Shale gas set to halve oil prices in a decade
01 July 2013
The shale gas revolution could push oil prices down over the next 10 years says the former forecasting head of the Organisation of Economic Cooperation and Development.
In a report written with Puma Energy, which The Times newspaper reported to have seen, Dr John Llewellyn described the invention of "fracking" to extract the gas as "game changing technology".
Consequently, it would come as no surprise to Llewellyn if the price of oil were to fall to around $50 a barrel between now and 2020.
According to Llewellyn the trend could be the direct opposite of what happened in the 1970s when the price of oil doubled on a dramatic increase in US imports.
"(The change) contributed importantly to the quadrupling of the world energy price in 1973-74 and further double in 1978-79," the report said.
"If, as expected, the US becomes energy self-sufficient over the coming 20 years, the shift could be equally profoud."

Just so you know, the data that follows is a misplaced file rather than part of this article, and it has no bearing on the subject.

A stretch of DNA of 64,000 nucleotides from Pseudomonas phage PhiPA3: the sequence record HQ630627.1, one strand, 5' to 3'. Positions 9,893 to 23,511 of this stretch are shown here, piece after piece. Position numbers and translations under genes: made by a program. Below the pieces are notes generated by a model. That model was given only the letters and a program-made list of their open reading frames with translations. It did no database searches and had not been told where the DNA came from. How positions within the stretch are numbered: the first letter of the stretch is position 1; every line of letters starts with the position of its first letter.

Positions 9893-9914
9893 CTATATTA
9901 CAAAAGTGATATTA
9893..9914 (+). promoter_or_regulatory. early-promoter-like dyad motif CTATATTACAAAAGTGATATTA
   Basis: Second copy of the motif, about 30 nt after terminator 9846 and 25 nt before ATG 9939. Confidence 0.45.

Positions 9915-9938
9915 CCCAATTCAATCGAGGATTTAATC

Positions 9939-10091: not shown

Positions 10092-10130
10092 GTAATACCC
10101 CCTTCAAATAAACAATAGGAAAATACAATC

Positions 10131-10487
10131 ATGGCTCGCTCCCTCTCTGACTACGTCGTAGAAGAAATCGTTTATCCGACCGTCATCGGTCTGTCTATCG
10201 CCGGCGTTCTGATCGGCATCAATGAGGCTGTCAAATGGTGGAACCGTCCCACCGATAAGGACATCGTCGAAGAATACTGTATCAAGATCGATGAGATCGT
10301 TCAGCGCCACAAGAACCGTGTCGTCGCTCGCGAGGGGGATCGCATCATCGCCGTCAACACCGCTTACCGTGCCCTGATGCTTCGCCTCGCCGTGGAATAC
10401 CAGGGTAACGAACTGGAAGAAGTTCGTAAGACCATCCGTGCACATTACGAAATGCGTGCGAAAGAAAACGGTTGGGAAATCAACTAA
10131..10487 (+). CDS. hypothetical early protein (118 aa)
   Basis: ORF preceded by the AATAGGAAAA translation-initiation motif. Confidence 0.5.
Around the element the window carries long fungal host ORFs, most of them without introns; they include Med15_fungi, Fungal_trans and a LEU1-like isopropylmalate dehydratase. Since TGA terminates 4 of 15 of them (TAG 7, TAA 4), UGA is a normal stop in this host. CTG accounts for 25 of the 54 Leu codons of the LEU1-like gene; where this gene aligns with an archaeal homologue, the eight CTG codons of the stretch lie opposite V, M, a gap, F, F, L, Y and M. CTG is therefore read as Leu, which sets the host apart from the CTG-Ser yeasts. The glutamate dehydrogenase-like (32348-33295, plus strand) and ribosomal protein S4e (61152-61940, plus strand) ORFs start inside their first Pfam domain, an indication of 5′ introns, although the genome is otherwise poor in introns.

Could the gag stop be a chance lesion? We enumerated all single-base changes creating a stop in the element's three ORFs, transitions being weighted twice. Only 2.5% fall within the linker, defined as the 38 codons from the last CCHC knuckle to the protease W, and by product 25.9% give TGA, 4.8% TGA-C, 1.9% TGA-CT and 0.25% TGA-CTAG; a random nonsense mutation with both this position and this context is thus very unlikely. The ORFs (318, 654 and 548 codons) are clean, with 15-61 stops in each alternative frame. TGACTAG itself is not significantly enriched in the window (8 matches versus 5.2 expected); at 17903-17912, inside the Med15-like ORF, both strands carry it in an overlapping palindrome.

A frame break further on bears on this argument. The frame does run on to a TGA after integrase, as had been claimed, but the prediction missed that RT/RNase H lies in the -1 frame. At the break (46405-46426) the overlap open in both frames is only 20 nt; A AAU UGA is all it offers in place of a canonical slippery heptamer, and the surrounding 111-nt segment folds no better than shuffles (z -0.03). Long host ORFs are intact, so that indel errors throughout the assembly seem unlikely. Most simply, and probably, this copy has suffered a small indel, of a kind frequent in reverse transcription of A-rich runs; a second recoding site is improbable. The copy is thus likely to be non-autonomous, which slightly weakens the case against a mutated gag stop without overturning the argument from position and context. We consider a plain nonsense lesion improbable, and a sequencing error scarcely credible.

The news comes following estimates last week that suggested that the UK had enough shale gas to power the country for 43 years.
The International Energy Association last month said, in its latest five-year outlook, that the supply shock of stronger than expected North American output could result in depressed oil prices till 2018.
Meanwhile, according to Christopher Booker said in The Telegraph, even by the cautious predictions of the British Geological Survey, the UK had a potential shale-gas resource as significant as the oil and gas it found in The North Sea, which would be enough to meet all the UK's energy needs for many decades to come.
He added that it highlighted the utter failure of successive governments on the national energy policy front, with their obsession with global warming and the delusion that, by cutting down our ''carbon emissions'', the earth's climate could be somehow changed.
Slamming the government's current policy, he said "on the one hand it was based on building tens of thousands of useless and ludicrously expensive wind turbines, made possible only by forcing people to pay double or treble the normal cost of the pitiful amount of electricity they so unreliably produced."
On the other, with taxes and regulations, ''renewables'' were sought to be made competitive, even as they planned to double the cost of any power from other sources, whether fossil fuels or nuclear. In short the government wanted to make the UK's electricity more expensive than anywhere else in the world.